Households face highest council tax rise in a decade, as LAs tackle social care shortfall
English households will face an average increase in council tax of 4%, the highest hike in tax rates since 2007-08, a report published by the Chartered Institute of Public Finance and Accountancy (CIPFA) has revealed.
The annual review of council tax was based on a survey which questioned 320 of the 446 authorities in England and Wales, asking authorities for details of their planned tax rises for the year.
Though the report took into account contributions for police, fire, the Greater London Authority and those without social care responsibilities, it is thought that a considerable proportion of the rise can be put down to councils taking advantage of the maximum rise of 3% rather than 2% that the DCLG has allowed to help councils prop up a struggling social care sector.
The increase would lead to the average band D property’s yearly tax rising by £60.94 up to £1,590.53, as the survey also found that of the councils with social care responsibilities, 95% will be setting the social care precept rate at least at 2%, whilst 70% will be going ahead with the maximum 3% increase.
The rise is estimated to bring in a total of £554m extra cash for councils to put back into adult social care, which comes to 89% of the possible national amount of £624m.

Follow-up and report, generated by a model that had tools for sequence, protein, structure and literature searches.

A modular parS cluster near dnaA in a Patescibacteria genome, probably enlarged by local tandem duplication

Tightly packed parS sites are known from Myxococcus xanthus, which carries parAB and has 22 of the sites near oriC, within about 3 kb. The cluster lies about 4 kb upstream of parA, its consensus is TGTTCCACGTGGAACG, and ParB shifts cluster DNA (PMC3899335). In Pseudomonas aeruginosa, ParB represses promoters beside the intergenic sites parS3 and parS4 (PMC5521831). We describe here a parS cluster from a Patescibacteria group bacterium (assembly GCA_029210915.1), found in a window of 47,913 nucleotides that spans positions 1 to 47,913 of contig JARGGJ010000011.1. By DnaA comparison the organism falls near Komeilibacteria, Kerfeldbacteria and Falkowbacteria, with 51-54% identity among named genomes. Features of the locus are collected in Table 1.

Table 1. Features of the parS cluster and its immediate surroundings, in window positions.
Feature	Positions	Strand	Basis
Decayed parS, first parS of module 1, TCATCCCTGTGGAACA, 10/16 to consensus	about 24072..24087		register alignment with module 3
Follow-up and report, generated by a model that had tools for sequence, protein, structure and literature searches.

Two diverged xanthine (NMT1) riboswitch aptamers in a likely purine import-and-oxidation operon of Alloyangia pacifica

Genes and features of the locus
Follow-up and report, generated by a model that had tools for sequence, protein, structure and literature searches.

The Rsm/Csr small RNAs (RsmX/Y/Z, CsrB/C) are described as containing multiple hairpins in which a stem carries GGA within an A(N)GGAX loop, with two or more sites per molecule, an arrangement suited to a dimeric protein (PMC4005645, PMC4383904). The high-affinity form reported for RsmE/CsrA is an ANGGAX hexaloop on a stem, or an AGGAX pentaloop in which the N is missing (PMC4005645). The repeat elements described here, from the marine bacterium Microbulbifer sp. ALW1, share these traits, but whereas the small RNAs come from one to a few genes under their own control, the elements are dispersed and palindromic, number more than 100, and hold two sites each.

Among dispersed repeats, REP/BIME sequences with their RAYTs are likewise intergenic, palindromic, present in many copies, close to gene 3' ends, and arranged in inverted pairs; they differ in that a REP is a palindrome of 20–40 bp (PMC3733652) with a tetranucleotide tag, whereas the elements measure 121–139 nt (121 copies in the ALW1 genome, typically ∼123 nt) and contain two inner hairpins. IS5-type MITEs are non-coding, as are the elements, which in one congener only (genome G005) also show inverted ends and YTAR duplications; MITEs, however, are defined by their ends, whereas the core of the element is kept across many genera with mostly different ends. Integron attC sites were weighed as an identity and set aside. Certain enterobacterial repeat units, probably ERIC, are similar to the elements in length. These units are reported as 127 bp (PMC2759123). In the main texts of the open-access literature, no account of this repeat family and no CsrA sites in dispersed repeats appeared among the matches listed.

The survey’s results are to be expected as councils battle to find extra money for a social care sector in crisis, which is dealing with high demand from an ageing population and a desperate need for care services.
Discussing the findings, Sean Nolan, director for local government at CIPFA, said: “The fact that we are facing the single highest council tax increase in a decade is all the more remarkable because it comes after six years (2010-11 to 2015-16) of very low increases, actively encouraged by government who until last year had offered a council tax freeze grant if councils did not raise theirs at all.
“The subsequent removal of this freeze grant shows a clear shift in public policy in general, but also a reflection of the strains being caused by social care pressures. We can expect these levels of increase to continue at least for next year.
“To find that over two-thirds of those councils with adult social care responsibilities will opt for the full 3% is another clear reminder of the current funding challenges.”
This latest report will add yet more pressure on the chancellor to provide fresh funding for adult social care in his Spring budget on Wednesday, as councils and authorities have called for an end to “sticking plaster” short-term solutions to closing the adult social care funding gap.
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